But this Americana god is weak, ambivalent, and needy. That’s why I will hear a song like Five Fingered Death Punch’s ‘Wrong Side of Heaven’. In this song, god is this pleading and inflexible nancy, while the devil is a misunderstood and brooding figure. The singer identifies himself with the devil, and his faint moralizing conscience as god. The singer speaks for a whole generation of moody, confused, and angry young men who think they belong to purgatory, or as the song puts it “the wrong side of heaven and the righteous side of hell”. This fits with the general self-identity of military men as straddling the wall, doing what needs to be done even if it doesn’t fit within the context of standard morality.

America needs her fighting men to feed her, to die for her, to promote her, to secure her interests, because she can’t do it herself. She eats up her dead, both the enemies of her ways and her faithful martyrs. No one wants to be the sacrifice, until it’s too late, their body is on the altar, and they’re consecrated unto the greater good. The god is weak.

I wonder if this is the same vibe that comes from a movie like “God’s Not Dead”. The movie neglects any argument for Christ and His Gospel. Instead, a general theism is proved, and an entire class is converted to “belief in God”, whatever that means (good review of the problem here). I won’t read alternative motives. But it’s in the vein that God needs defenders and advocates, instead of being the Defender and Advocate. Calvin considered all his polemics and apologetics as a dog who barks when his Master is threatened. Hardly a noble self-conception!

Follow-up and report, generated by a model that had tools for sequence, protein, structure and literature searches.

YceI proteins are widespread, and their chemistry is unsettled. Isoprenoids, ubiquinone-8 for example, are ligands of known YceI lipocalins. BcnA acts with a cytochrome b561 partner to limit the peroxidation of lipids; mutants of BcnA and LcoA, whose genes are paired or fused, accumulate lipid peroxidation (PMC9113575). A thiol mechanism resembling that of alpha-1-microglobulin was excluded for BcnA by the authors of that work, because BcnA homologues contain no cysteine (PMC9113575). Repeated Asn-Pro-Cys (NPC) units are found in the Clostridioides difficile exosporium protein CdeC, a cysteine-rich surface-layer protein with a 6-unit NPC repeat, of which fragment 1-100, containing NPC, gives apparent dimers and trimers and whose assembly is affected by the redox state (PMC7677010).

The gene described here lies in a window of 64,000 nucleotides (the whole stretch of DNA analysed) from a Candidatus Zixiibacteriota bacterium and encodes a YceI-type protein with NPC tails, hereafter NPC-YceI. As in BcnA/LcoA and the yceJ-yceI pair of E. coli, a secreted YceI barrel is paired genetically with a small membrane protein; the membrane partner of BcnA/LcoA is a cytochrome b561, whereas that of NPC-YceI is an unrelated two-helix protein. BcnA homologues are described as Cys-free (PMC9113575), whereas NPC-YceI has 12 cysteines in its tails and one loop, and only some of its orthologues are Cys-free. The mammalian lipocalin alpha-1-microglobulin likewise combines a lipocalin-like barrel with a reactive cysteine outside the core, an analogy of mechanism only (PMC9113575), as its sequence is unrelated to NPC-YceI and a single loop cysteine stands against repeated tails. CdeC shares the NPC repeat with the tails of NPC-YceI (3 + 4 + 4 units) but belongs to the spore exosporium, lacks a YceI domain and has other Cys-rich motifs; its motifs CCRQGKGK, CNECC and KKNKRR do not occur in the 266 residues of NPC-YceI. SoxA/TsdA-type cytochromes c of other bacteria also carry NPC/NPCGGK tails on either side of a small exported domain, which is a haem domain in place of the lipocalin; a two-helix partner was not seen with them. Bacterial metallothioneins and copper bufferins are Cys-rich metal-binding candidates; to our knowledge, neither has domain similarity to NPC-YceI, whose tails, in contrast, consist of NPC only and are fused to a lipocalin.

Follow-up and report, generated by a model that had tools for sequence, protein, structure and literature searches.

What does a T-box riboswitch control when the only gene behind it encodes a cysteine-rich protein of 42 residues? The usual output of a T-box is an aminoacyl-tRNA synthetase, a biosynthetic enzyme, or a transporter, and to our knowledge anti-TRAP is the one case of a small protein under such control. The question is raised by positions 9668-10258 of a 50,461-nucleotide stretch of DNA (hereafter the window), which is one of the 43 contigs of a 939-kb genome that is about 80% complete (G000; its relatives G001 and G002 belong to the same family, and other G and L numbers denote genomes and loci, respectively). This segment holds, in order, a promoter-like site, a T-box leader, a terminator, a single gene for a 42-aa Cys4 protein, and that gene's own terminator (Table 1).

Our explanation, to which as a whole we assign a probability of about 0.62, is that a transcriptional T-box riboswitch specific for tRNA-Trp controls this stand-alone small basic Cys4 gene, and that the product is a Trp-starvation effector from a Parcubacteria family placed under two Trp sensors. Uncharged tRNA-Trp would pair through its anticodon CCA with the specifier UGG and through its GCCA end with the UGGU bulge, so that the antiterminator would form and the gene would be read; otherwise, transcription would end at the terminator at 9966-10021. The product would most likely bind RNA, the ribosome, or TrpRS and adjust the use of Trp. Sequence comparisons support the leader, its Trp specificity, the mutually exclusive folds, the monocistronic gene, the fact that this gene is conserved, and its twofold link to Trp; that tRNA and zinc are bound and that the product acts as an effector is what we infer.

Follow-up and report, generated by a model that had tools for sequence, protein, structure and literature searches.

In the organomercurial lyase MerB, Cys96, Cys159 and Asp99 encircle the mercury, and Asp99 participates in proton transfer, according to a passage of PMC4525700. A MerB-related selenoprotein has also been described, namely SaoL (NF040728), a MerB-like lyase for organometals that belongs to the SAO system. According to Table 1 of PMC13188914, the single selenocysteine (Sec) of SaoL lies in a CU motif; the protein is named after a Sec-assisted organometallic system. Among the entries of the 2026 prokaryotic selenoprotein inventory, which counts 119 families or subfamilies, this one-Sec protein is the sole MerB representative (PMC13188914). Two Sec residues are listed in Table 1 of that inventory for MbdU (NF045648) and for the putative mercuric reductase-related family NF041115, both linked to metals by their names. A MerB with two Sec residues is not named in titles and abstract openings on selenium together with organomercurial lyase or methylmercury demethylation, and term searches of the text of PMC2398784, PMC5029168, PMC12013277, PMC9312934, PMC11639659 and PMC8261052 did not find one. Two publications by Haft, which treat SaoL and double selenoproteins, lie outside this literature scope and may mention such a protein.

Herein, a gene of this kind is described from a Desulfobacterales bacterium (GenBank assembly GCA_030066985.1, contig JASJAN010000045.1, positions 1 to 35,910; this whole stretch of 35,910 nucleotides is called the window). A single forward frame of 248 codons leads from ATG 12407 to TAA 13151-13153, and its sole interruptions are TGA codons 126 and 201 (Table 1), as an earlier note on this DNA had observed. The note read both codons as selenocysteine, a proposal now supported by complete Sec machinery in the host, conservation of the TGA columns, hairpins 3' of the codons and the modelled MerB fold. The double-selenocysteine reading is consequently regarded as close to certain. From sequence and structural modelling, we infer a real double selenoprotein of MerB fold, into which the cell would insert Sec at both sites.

Yet, look at Psalm 2. The whole world has gathered against God’s Anointed, and He laughs. The world has brought together all its muscle and mind, and God ridicules them: “But I have set my Holy One on my Hill”. For all their plans, they’ve lost.

“God’s not Dead” might not be a set-piece with the general American Pagan pantheon, but it certainly appeals to their doctrine as much as any vague Christian notion. However, we can rejoice with Psalm 2. We may weep to see such willful disregard for the Truth and such shaming and scorning of the Son of Man. But Christ is seated on His Throne. God Reigns, even as the nations still run to their idols. The Lord will judge the living and the dead, and none will hide from the wrath of the Lamb. They will look onto the One who was crucified and risen with a weeping and a gnashing of teeth.

The Lord is not a patriot, and He will judge such stubble for what it is. The Christ is not mild; He is the Avenger of the downtrodden, the Liberator for the slaves, and the Savior of a misfit people.

The Need for the Bishop: Leadership in the Church

In the writings of Ignatius, to an almost neurotic extent, he pushes the importance of the “officers” of the Church. I use the term ‘officer’ flexibly, because it can conjure a formalism too great. And I do not like the use of ‘hierarchy’ since that word denotes a rank of priestliness that confuses even more. Office seems to carry some of the importance, but also some of the ‘political’ aspects of the Church. Every gathering is representing the reign of our Lord. Suffice to say, office and officer are terms to be taken with a grain of salt. If anyone has better words, I’ll be appreciative to hear them

Anyway, Ignatius is adamant that the gathering of the Church is contingent upon the presence of the Bishop(Overseer), the Presbyters(Elders), and the Deacons(Servants). He’ll even go as far as to say that there is no Church without them. Funny enough, groups that retain the use of bishop and episcopal government do not abide by Ignatius’ warning. The bishop is a far away presence, wrapped up in larger affairs than the life of the local congregation. Yet that was what Ignatius was calling for.